National Child Exchange

Currently, we are in the middle of summer break.  During break, or les vacances as said in French, children go stay with their family members in a different city.  Typically, if a child is from a smaller village, they will go stay with family in a larger city, or if they are from the big city, they will go back to family members in one of their parents’ village.  All kids participate in this summer activity; our 3 year old neighbor is enjoying his summer vacation in village and our 9-month old baby next door just got back from a few weeks in another city with his aunt.  It turns out you don’t have to be in school, or even near school age to take part in this tradition!

So what does this mean for us?  Last week, our yard and porch were quieter than they have ever been!  Peaceful cups of coffee were sipped in the sun on the deck, as the majority of our gang is traveling and staying with family , it was a much welcome silence!  But, over the last weekend, 5 new children showed up to stay with the family in the same building as us.  There is a lot of banging, laughing, crying, and astray soccer balls coming from that family now!  For every kid you lose, there is a new one who just arrived around the corner.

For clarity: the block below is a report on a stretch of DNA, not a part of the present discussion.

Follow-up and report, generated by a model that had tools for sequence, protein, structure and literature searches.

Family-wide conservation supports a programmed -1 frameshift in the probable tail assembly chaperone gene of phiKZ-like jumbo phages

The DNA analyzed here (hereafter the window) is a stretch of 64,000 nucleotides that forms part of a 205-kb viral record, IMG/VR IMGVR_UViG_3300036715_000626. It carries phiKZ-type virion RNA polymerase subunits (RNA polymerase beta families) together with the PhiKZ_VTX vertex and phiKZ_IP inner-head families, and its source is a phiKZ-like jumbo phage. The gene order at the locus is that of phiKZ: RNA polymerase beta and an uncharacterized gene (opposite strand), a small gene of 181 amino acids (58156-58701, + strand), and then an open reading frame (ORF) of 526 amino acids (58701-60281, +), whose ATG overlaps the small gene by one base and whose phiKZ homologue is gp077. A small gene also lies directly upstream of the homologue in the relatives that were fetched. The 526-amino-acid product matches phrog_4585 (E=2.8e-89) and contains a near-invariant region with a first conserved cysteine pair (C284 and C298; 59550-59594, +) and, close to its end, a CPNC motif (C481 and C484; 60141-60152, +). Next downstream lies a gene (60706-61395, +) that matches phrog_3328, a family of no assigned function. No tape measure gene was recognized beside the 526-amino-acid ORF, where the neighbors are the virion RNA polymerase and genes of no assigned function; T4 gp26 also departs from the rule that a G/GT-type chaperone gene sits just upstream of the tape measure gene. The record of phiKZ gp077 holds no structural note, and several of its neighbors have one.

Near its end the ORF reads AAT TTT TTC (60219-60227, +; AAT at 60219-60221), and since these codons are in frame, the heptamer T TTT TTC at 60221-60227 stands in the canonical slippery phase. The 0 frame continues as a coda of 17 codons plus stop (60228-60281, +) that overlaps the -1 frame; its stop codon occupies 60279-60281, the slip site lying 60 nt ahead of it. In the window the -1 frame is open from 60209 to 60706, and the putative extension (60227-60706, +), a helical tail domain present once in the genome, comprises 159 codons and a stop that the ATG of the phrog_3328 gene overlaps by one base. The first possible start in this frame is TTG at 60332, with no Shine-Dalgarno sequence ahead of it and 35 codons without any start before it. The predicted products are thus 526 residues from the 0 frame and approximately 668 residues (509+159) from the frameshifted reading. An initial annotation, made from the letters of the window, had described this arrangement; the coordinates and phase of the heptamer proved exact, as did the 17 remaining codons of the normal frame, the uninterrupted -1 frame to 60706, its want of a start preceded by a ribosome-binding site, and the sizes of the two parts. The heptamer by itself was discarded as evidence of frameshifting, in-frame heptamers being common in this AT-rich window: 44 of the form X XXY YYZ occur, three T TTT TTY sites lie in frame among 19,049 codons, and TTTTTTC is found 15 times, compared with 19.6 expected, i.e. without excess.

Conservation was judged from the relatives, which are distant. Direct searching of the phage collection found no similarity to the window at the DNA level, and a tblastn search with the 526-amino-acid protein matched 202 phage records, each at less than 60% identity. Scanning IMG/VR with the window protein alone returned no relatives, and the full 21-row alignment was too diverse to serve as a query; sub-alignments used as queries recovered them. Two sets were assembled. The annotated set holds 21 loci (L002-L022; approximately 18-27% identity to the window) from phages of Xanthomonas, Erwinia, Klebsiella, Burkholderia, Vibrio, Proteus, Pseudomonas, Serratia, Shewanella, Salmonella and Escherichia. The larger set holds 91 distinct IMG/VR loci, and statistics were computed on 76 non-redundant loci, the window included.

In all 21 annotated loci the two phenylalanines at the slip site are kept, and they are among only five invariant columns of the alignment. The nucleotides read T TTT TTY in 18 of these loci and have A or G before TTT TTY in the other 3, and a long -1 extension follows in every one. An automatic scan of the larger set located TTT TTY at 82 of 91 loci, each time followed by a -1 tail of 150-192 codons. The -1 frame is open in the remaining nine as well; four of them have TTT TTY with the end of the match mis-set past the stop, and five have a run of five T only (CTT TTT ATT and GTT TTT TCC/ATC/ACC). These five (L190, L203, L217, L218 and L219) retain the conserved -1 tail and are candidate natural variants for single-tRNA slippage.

The interesting part for us, is just how prominent this exchange is.  When we were in training in Bafia, our host family acquired about 13 new children for the summer, all of the kids around us have either left or welcomed extended family or friends into to their home.  Furthermore, this is not your American visit which would last a weekend or a week at most; these visits last anywhere from 1-2 months!  While I would die having 5 extra children in my house at a given time, I appreciate the Cameroonian sense of community and family, in which everyone plays their role in taking care of all of the kiddos.

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